by David Downs
On the cusp of the potential legalization of cannabis, once harsh California laws can't get soft enough. Petty pot offenses that are currently a misdemeanor could soon be downgraded to the status of "infraction," under a new bill wending its way through the state capital, with the support of California's District Attorneys.
Dale Gieringer, at California's NORML chapter notes:
SACRAMENTO - On April 20th (fittingly enough) the Senate Public Safety Commitee voted 5-2 to approve Mark Leno's bill SB 1449 to downgrade possession of less than one ounce of marijuana from a misdemeanor to an infraction. Although it was supported by all the drug reform groups, what ensured the bill's passage was support from the California DA's association and the Judicial Council, which complained of the burden to the courts of processing misdemeanor cases for an offense whose maximal punishment is a $100 fine. The bill was opposed by CNOA lobbyist John Lovell, who argued that it was "axiomatic" that users of "powerful, mind-altering drugs" should be forced into treatment wherever possible. In written testimony, Cal NORML argued that the bill would save the state millions of dollars in enforcement costs. As usual, the vote was along party lines, with Republicans supporting the costly, invasive, big-government program of pot criminalization by opposing SB 1449.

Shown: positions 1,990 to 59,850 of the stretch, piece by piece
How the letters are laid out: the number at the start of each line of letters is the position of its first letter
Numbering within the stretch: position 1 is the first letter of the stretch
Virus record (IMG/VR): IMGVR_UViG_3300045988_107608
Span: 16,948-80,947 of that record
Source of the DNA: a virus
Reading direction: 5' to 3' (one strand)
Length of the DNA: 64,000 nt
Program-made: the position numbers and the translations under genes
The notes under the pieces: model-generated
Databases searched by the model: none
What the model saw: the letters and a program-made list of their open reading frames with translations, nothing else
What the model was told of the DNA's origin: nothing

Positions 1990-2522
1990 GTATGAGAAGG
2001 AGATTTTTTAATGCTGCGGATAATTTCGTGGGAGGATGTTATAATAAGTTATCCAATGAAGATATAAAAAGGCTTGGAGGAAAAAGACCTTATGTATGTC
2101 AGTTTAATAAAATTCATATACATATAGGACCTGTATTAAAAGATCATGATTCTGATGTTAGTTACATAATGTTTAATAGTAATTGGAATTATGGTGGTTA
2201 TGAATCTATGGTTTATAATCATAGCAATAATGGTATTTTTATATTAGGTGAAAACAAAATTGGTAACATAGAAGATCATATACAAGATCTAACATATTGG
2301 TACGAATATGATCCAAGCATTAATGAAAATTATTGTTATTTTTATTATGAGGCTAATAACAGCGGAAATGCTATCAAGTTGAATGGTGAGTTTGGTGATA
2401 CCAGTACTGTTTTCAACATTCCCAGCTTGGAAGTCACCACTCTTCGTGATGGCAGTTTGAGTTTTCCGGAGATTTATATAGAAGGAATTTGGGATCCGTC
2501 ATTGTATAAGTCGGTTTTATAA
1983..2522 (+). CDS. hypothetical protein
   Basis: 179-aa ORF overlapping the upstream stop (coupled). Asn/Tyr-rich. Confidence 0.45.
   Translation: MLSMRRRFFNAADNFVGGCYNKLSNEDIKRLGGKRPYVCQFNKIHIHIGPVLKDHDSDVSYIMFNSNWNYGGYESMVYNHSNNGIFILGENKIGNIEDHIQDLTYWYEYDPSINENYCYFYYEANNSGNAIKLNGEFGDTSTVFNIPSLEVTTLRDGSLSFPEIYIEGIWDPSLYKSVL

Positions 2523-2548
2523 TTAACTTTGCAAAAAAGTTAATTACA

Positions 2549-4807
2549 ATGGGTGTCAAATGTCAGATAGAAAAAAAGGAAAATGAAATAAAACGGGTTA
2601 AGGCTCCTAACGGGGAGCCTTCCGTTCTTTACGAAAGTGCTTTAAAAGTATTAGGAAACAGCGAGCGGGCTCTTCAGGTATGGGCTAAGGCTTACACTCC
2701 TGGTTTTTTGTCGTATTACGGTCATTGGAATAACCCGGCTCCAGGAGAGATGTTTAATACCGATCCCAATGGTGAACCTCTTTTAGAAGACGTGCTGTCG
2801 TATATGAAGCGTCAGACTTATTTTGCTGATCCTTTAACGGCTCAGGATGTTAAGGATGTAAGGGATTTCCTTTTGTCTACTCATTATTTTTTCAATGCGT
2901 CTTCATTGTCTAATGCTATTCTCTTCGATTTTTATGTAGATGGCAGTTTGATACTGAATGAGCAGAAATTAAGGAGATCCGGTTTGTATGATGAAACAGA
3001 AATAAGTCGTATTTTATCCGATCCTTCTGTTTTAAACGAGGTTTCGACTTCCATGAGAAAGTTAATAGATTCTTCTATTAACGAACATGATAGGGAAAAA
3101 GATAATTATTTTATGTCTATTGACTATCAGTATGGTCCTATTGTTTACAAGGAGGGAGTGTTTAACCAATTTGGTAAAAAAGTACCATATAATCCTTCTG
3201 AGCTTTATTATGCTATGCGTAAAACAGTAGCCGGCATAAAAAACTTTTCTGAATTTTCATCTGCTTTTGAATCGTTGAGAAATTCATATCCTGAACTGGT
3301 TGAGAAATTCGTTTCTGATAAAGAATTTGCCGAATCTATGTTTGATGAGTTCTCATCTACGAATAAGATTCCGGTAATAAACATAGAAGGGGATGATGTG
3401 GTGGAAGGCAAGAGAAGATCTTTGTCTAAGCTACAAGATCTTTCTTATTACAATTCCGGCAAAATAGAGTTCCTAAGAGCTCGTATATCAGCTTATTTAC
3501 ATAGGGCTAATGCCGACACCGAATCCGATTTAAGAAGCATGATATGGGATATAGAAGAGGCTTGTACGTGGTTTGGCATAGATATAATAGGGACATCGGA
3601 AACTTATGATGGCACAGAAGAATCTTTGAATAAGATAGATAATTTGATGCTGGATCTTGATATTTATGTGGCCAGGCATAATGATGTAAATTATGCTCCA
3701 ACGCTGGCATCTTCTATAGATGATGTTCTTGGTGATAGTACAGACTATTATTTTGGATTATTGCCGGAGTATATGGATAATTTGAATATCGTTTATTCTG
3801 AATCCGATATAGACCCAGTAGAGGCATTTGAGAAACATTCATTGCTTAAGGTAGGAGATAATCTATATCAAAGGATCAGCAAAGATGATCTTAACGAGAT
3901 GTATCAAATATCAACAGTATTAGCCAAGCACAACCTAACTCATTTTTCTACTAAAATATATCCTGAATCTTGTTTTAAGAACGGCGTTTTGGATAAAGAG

The bill heads to a third reading in the Senate today.